impact in primary care Performance areas examined: - Workflow Efficiency (Flow metrics) - Physician Productivity - Operating Expenses - Clinical Quality - Patient Satisfaction - Physician and Staff Satisfaction Quantitative Methods Data sourced from dashboards, billing, quality reports, Experience of Work, AMGA, and Press-Ganey surveys Generalized linear mixed models with physician-month as unit of observation (N=328 MDs employed from 2011-2014) Estimated overall impacts over time using interrupted time series analysis, non-randomized stepped wedge design Phased implementation of Lean: Projected values (counterfactual in the absence of Lean) vs. Observed values after Lean redesigns were implemented in all clinics across the system Phased Implementation of Lean Redesigns
Note: All listed Clinics (except 4 and 7) have additional satellite clinic sites that were included for analysis. Pre-Lean period Training/Implementation period Post-Lean period Workflow Efficiency (Office Visit Charts Closed < 2 hours) Pilot Clinic 3 Beta 1 Beta 2 Beta 3 Clinic 1 Clinic 4 Clinic 5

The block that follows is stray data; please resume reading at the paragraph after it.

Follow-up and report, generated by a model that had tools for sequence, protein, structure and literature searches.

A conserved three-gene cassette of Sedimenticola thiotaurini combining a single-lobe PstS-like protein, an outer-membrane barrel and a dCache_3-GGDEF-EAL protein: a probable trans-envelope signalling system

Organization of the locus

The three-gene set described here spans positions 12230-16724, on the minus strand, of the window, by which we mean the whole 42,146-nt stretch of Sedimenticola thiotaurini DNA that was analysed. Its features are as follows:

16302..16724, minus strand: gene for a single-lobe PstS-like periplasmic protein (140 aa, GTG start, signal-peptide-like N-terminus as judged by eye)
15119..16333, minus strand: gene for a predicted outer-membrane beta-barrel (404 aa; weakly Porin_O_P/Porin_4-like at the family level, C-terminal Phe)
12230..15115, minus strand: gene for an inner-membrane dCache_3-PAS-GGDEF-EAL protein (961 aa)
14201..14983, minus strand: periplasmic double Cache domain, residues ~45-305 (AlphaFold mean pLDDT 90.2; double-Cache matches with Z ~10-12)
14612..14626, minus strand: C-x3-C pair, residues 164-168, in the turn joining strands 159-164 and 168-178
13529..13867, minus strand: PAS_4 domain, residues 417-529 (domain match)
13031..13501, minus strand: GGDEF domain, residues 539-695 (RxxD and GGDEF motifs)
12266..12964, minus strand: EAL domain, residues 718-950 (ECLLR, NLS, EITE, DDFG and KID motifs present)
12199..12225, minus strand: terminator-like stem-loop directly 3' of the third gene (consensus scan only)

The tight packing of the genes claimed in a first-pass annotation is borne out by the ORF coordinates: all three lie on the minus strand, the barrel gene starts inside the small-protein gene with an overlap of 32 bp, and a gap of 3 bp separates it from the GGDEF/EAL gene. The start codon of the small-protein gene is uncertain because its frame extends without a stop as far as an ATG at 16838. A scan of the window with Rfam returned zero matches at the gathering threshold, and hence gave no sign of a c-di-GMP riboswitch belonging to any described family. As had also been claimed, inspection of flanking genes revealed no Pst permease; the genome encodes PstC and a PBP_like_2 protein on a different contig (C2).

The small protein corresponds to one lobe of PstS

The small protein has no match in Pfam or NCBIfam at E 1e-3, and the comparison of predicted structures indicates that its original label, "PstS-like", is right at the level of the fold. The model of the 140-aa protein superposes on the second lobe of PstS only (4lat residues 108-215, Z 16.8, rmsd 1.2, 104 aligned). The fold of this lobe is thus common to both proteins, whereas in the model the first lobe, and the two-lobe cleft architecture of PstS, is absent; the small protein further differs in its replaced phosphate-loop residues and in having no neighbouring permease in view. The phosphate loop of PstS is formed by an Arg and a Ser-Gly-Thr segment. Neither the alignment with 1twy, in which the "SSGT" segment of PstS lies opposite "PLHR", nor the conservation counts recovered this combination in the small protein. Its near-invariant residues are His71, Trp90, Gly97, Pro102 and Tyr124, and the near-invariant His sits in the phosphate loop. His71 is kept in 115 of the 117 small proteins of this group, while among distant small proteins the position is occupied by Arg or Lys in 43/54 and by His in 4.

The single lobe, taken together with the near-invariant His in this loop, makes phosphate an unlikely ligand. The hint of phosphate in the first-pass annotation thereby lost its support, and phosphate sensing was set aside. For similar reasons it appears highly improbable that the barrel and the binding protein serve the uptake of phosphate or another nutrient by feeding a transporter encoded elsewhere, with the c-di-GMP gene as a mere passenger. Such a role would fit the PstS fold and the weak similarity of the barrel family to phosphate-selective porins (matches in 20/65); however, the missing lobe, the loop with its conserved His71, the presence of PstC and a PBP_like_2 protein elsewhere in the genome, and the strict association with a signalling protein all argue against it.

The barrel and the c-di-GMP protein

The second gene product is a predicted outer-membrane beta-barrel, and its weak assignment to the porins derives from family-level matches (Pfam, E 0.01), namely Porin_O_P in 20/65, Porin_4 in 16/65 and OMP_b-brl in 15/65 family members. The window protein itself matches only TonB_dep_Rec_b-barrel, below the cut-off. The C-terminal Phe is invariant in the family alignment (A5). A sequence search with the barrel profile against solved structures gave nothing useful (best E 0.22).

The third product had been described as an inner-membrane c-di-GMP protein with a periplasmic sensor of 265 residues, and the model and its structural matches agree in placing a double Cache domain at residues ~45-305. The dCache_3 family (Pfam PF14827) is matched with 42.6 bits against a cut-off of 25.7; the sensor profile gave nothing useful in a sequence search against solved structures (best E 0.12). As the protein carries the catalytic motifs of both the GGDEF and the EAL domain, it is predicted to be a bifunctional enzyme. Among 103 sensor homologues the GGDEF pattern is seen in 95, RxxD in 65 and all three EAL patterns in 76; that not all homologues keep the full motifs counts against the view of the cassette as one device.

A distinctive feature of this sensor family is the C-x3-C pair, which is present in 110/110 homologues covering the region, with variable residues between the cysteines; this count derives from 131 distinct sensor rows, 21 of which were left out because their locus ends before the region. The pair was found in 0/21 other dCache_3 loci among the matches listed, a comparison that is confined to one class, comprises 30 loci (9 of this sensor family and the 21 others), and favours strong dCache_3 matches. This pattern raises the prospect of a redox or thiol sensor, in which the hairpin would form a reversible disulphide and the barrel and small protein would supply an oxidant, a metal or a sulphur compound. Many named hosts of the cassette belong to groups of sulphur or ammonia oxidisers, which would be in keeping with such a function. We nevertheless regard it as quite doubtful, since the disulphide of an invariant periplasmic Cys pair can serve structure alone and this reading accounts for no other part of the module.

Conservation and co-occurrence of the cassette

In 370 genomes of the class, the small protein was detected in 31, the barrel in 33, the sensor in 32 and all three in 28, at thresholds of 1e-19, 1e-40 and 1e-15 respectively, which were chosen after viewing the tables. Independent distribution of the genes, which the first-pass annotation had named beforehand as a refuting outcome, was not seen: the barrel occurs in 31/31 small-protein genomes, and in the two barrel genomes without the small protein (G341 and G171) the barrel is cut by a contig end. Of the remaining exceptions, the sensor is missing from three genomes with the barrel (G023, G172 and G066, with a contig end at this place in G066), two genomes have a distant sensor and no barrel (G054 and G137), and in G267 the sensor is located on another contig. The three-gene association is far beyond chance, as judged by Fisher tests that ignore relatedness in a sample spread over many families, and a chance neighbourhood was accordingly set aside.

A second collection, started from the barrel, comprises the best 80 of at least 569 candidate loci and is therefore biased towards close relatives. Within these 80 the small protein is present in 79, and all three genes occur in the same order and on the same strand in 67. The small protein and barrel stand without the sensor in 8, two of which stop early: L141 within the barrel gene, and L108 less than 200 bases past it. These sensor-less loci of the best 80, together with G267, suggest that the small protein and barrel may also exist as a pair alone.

Projected Value (absent Lean) Observed Value (with Lean) Mean Difference (95% bootstrap) wRVU/cFTE 252.3 265.0 -13.9* wRVU/visit 1.5 1.5
0.0 wRVU: work Relative Value Unit cFTE: clinical Full-Time Equivalent RVUs restated to CMS 2014 v2 valuation wRVU/cFTE: Production per clinical FTE wRVU/visit: Service intensity per office visit *p<0.05 Clinical Quality Metrics Pay for performance clinical quality metrics for each physician over time Interrupted time series analysis on metrics that had an initial statistical difference pre- vs. post-Lean:
Coordinated Diabetes Care: A1c < 8.0% Coordinated Diabetes Care: A1c < 7.0% Coordinated Diabetes Care: LDL-c < 100 mg/dL Coordinated Diabetes Care: Nephropathy Screening Cervical Cancer Screening, Asymptomatic Women Chlamydia Screening in Women (16-20 yo) Adolescent Immunizations: Meningococcal Clinical Quality Metrics Quality Metric Projected Value (absent Lean) Observed Value (with Lean) Mean difference (95% bootstrap)